Someone is high jacking NASA and Soviet spacecraft while in orbit! At the height of the space race of the 1960s, the mysterious disappearances of these vessels have the USA blaming Russia, and Russia blaming the USA. Both are threatening war!
Meanwhile, the cool heads in Britain’s MI6 have noted how these spacecrafts’ return to earth end somewhere in the Sea of Japan, making Japan their top suspect.
After faking his death to get the international criminal organisation SPECTOR off of his tail, James Bond (Sean Connery) is sent to Tokyo to investigate. There, Bond finds himself looking into Osato Chemicals after his Japanese contact is murdered by one of its employees. Bond steals some of Osato documents, and brings them to the head of the Japanese Secret Service, Tiger Tanaka (Tetsuro Tamba). The documents reveal the head of the company as a SPECTOR agent who is supplying the organization with rocket fuel. Now why would SPECTOR need rocket fuel… if they were not sending rockets into space!
There are parts of You Only Live Twice I remembered as not being PC. Mostly, the part where they turn James Bond “Japanese.” I mean, there is blackface and then there is half naked women applying prosthetic make up to Sean Connery’s eye lids. And you know… the results are not that great. Sarah commented on how they made him look more so like Mr. Spock than East Asian. I agree.
Bond’s entire trip to Japan features an insane amount of racism and fetishism. Several Japanese women bath him because “in Japan, men come first”. Then Tiger takes Bond on a tour of Japan’s training facilities where the men are learning to use Samurai swords and shurikens. Come on, World War II didn’t set Japan back 200 years, lol. If this movie was made today the justified internet outrage would ensure no one involved would work in Hollywood again.
But, it came out in the 1960s, it made over 100 million world wide, and everyone had long careers afterward. So, like a lot of older films, you have to put it into the context of when it was released or not watch it.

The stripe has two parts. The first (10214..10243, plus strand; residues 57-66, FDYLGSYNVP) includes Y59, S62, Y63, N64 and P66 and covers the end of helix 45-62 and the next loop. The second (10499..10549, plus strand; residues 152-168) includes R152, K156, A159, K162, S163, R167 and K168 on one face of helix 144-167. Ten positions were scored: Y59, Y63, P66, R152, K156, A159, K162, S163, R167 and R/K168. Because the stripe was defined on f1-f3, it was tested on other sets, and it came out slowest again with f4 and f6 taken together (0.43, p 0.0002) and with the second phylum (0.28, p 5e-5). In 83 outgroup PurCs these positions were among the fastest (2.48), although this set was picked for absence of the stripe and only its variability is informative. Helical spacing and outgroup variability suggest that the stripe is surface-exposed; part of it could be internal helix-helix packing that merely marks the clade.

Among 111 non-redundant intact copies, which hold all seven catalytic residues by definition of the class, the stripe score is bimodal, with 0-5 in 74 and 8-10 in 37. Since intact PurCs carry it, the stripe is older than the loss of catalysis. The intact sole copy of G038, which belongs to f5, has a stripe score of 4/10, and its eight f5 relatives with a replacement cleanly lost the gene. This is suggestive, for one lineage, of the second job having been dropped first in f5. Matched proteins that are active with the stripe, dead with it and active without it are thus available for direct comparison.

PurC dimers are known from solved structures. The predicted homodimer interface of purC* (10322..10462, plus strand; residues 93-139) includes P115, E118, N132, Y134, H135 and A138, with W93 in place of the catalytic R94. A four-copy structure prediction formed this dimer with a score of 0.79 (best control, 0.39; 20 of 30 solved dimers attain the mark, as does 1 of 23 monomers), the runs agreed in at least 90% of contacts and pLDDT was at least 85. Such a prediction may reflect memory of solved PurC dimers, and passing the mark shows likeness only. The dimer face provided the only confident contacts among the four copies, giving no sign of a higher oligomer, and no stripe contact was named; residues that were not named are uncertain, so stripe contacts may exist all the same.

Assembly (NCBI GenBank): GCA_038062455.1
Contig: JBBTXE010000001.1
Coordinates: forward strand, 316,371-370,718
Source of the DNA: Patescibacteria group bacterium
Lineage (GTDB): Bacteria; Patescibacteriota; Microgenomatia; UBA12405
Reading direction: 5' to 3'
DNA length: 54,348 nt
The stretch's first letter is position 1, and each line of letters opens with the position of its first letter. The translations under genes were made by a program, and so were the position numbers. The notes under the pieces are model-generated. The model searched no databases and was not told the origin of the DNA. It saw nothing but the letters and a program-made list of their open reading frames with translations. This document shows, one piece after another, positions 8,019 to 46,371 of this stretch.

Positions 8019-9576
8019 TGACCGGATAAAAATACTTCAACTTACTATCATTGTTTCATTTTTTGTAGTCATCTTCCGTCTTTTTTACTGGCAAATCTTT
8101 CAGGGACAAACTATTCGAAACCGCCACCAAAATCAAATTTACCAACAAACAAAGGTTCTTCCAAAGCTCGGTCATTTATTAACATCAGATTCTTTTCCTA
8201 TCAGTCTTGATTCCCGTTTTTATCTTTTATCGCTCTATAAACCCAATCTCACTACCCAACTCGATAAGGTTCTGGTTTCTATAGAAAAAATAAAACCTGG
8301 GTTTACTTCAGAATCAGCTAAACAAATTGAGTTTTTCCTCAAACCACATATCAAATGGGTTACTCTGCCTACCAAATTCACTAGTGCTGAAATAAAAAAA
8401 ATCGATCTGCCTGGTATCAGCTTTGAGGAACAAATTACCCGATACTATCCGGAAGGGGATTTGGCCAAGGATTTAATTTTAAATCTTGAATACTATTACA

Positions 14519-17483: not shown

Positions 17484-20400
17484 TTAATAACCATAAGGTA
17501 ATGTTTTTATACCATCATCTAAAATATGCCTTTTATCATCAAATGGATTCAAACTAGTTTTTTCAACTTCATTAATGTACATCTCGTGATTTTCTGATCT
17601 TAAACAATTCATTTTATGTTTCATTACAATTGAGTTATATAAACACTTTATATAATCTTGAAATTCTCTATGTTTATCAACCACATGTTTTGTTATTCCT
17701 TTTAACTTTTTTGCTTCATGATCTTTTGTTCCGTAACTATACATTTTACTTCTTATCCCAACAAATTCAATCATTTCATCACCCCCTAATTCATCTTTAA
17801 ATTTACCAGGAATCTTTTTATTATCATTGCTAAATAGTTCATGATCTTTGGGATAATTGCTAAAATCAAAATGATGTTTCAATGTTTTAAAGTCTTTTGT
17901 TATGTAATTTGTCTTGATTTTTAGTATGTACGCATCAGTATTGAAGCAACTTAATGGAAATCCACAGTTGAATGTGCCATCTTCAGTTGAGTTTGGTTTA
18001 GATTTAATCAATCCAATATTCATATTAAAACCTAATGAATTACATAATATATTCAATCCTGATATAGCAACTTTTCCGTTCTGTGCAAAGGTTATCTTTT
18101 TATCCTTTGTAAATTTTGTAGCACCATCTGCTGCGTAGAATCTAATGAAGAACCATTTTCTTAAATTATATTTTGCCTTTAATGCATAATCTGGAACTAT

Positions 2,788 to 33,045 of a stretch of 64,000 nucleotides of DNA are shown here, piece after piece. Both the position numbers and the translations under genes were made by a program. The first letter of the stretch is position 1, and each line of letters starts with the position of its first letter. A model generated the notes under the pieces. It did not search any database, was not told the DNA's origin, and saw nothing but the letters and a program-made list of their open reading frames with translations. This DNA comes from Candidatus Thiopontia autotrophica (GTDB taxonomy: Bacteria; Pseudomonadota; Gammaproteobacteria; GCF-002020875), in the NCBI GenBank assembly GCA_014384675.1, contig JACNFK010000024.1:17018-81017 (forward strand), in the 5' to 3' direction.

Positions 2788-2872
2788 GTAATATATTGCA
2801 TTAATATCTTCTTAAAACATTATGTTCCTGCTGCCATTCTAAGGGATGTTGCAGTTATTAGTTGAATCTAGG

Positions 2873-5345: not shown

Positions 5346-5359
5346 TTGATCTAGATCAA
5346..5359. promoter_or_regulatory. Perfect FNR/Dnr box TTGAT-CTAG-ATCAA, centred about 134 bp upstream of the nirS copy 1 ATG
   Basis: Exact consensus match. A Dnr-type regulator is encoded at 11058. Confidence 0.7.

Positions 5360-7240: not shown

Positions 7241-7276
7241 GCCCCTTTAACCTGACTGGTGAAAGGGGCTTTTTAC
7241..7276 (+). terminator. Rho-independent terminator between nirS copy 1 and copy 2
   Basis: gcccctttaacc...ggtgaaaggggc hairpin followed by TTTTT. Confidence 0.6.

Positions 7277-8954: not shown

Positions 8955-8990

With that in mind, You Only Live Twice is still below par. Even for James Bond, the story is as messy as it is implausible. The original story in Ian Fleming’s novel was adapted by his friend, Roald Dahl (Yes, THAT Roald Dahl). Dahl was upfront about how he viewed it as Fleming’s worst book and he had no idea how he was going to make it into a movie. He only carried over “four or five ideas” from it and chose a plot “similar to Dr. No” during the few months he had to write the script.
I remember as a kid being let down by the reveal of Ernest Blofeld who had been built up since From Russia With Love as a menacing man who will eventually be a true opponent for Bond. Instead, we get Donald Pleasence. A fine actor, but his voice and appearance in this film is more unsettling than intimidating.
Of course, it was this version of Blofeld which became the visual inspiration for Mike Myers Dr. Evil in the “Austin Powers” series. He didn’t stop there, however, as a lot of the imagery of the space program and underground lair are used too. Really, the absurdity of the plot is ripe for farce.
Now, for what you are really here for: My continuing competition with Sarah to correctly guess how long it would take Bond to get laid. Honestly, I can write an entire post about how this one went. The short of it is, Sarah stuck with 17 minutes (Why not? It has worked well for her so far!) and I changed it up and went with 13 minutes. Bond let us both down by taking 38 minutes to seal the deal with any of the ladies. Since we were both not even close, we decided to call it a draw. The score remains:
Sarah – 4
Mars – 0.0
You Only Live Twice isn’t a terrible movie with plenty moments to like. The first half is as good as any spy thriller since the more silly bits are saved for the last half. There is some great stunt work including Bond using a couch to fend off on rather large guard. The scene where Bond takes out a mini-copper for surveillance and ends up in a dog fight with other choppers was a lot of fun. Absurd, but fun.
I think there was too much pressure to make this film stand out. At this point in 1967, it was thought to be Connery’s last outing as Bond and the popularity of the character had spawned a sea of copy cats. Not only did you have the Harry Palmer and Derek Flint series to compete with, but Columbia Pictures released a James Bond film, Casino Royal staring David Niven a few months prior to this. That’s why “Sean Connery Is James Bond” is predominate in a lot of the promotional material.
So they went bigger than the competition. And bigger isn’t always better.